Nonclassical Battle of the Bands (Photo Credit: Zen Gisdale)

Reylon Yount, 2017 Scholar


London is an incredible city for people who want to become artists. Theatre, visual art, music, dance, film, and fashion are utterly alive here. There are as many extravagant West End productions as there are experimental performances in converted warehouses here. You’ll find museums showcasing history’s most treasured paintings, interspersed with exhibitions at the cutting edge of contemporary art. In one neighbourhood you might come across a club promoting industrial DJ sets, and in another you’ll discover an orchestra playing classical masterpieces, all in the same evening. On top of this, London is one of the most culturally diverse cities in the world, and thanks to its many universities, it is filled with young people dreaming big. Altogether, this creates a beautiful ecosystem for creatives seeking inspiration and opportunities to collaborate. This is why I chose to spend my two years on the Marshall Scholarship studying in London, and I couldn’t be happier with this decision.

Tangram – Four in a row (Photo Credit: Mike Skelton)

I’m an aspiring musician, and my medium is the yangqin, a percussive string instrument from China. I’ve spent my time here at SOAS and Goldsmiths writing original ‘Chinese American folk songs’ to reflect personally on some of the complexities of diasporic existence and using electroacoustic composition to investigate the paradoxical yearning for multiculturalism and rootedness we experience amid forces of globalisation. I’m incredibly grateful that the scholarship has given me such wonderful opportunities for creative exploration. And these have in truth extended far beyond the master’s programmes. I’ve been lucky enough to meet and work with a wide range of talented young artists in London who inspire me and push me to improve my practice every day.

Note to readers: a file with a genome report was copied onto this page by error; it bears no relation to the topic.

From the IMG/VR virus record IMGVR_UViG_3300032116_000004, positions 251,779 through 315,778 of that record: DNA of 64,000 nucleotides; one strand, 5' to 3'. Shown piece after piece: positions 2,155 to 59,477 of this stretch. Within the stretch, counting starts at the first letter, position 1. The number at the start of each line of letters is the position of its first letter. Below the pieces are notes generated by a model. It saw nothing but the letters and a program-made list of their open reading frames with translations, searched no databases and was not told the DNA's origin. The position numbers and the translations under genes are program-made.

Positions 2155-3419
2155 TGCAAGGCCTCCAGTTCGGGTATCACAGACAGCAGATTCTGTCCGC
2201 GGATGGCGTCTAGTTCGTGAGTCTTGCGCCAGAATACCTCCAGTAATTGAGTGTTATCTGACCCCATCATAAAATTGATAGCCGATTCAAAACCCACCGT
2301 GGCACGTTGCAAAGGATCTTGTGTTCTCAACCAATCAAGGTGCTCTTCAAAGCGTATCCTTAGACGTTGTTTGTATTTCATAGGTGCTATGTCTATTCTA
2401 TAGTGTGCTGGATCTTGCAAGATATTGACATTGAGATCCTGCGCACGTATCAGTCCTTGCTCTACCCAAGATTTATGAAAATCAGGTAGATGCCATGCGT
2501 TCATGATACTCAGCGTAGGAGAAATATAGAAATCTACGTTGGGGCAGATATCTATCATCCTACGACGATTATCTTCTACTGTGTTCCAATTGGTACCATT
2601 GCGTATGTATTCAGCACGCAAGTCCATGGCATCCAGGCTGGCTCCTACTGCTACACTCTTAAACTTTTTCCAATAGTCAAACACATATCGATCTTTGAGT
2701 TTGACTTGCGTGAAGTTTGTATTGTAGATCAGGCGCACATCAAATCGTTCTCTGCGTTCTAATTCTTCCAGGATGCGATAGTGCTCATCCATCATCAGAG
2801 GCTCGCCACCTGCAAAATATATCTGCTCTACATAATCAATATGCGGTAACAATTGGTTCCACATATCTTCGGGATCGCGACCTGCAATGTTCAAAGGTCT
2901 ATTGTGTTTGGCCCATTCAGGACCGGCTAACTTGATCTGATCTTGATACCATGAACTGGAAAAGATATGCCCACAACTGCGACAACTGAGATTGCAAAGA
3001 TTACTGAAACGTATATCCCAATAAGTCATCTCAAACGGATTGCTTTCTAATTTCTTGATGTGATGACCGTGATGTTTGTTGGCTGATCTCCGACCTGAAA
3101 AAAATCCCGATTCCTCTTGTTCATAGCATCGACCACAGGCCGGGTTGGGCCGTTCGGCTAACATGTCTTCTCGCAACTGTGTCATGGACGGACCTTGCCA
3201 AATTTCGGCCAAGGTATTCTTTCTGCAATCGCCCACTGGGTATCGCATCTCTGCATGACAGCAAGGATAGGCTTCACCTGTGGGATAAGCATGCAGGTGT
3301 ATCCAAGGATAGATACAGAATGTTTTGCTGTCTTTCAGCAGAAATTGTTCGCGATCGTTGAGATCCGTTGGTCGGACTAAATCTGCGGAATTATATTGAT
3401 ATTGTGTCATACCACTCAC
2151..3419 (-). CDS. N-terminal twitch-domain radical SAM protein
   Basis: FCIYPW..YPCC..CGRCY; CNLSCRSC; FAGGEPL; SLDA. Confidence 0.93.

The most generative of these artistic relationships is my collaboration with composer and London native Alex Ho. Alex and I began working together in the fall of 2017, shortly after I arrived from the U.S. We met a few times and discussed our shared interest in exploring our connections to Chinese heritage through music. Soon after, he composed a fascinating yangqin solo called “Rituals and Resonances,” which I premiered at Oxford in March 2018 as part of the Passiontide Festival at Merton College. Last month, I performed the piece at Nonclassical’s Battle of the Bands, an annual London-wide experimental music competition, and we managed to come away with the top prize. The vitality of this piece inspired us to deepen our collaboration, and alongside two other musicians, we founded Tangram, an artist collective dedicated to creating and curating new Chinese music. Our goal is to tell meaningful stories about diaspora and open a window into spaces beyond the China/West dichotomy. On January 25th, we played a sold-out debut concert at one of the London Symphony Orchestra’s venues, LSO St. Luke’s, as part of the inaugural Chinese Arts Now Festival. Tangram is becoming an exciting vehicle for our musical aspirations, and we’re looking forward to working on multiple projects together this year. I can’t help but feel a sense of delight and deep gratitude for how readily the Marshall invocation of fruitful relationships with British colleagues came true. And I can tell these are relationships I’ll cherish for a long time.

LSO St. Luke’s (Photo Credit: Linxi Li)

If you’re interested in following Tangram’s adventures in new Chinese music, feel free to follow us on Twitter, Instagram, and Facebook using the handle @tangramsound. For more of our story and a video of our debut concert, please check out our website below.

Website: www.tangramsound.com

Twitter: https://twitter.com/tangramsound

Instagram: https://www.instagram.com/tangramsound/?hl=en

Facebook: https://www.facebook.com/tangramsound


Reylon Yount (’17)


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